With the opening of Karin Children medical Centre's new clinic in Agonga, Gulu, Rose, Akot and other women in her community will no longer have to worry about accessing high-quality, affordable health care for themselves and their children.  Akot and her daughter will receive the right medication, counselling and guidance, essential vaccinations, and specialized care for young women.  More women will now have access to post-natal care now as well as prenatal care for future babies.

“To keep my children well is the most important thing, and I am so happy the clinic will help me do that,” Rose says. We're grateful to be able to serve Rose and many other mothers like her, and thank you for your support which makes our health services possible.

Your contributions will help Akot and many women like her by removing the barrier of distance to health care.  We are thrilled that your support enabled us to provide health services to this community, and look forward to keeping you updated on our progress!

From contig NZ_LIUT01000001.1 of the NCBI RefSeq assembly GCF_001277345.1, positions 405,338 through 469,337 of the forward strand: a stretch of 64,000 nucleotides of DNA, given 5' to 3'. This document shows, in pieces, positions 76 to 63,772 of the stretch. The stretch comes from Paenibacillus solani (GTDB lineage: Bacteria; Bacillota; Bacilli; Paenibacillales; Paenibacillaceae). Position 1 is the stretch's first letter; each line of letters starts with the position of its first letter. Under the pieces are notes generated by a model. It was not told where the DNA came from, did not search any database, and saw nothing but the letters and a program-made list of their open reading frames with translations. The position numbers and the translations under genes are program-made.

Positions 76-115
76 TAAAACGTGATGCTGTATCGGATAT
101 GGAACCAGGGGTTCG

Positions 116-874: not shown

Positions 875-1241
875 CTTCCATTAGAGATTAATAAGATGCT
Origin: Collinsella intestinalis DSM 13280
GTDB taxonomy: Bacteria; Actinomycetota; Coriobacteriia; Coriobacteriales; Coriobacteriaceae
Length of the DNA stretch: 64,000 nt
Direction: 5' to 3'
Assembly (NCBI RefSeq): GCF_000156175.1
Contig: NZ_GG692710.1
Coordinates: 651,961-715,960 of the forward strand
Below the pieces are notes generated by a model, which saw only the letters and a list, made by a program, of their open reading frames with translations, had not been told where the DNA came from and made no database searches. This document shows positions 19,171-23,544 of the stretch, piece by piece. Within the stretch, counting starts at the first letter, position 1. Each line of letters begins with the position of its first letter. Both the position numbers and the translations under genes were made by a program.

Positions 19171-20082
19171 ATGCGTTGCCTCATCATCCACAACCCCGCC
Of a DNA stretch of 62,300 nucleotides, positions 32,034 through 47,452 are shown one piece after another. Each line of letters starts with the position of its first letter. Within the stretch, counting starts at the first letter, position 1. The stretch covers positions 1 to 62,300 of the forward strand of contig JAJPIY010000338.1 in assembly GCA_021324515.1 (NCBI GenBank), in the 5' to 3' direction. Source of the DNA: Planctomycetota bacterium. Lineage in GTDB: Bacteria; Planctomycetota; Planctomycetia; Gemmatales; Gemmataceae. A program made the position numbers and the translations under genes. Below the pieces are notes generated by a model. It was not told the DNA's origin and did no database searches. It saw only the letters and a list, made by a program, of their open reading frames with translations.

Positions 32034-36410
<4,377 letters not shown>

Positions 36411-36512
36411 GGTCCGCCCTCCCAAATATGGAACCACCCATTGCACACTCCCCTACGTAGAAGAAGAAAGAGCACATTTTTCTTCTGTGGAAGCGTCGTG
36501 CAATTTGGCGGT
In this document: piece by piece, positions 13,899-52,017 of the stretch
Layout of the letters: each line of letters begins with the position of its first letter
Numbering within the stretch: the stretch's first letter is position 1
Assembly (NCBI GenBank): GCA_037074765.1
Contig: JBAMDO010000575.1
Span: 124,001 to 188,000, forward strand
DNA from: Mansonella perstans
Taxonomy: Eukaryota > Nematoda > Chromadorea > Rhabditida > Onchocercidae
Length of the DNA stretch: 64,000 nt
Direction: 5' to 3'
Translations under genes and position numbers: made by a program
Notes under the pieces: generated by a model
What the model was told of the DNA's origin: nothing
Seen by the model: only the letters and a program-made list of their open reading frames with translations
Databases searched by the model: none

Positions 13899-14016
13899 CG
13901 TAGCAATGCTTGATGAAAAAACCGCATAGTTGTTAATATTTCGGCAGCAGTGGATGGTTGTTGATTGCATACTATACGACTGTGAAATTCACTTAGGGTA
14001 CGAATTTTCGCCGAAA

Dear friends let us know what you think about this project and how you can work together to attract wider support.

Can you help us to continue serving this community this year, we request to make monthly donations by clicking on recurring donation of an amount that you can afford and help us to make such more progresses in coming new year.

Happy New Year to you and we also wish you a great year ahead.

With warm regards,


P..S. Find more about Childcare Uganda on www.childcare

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Map of Healthcare for 200 childsoldiers in Gulu Uganda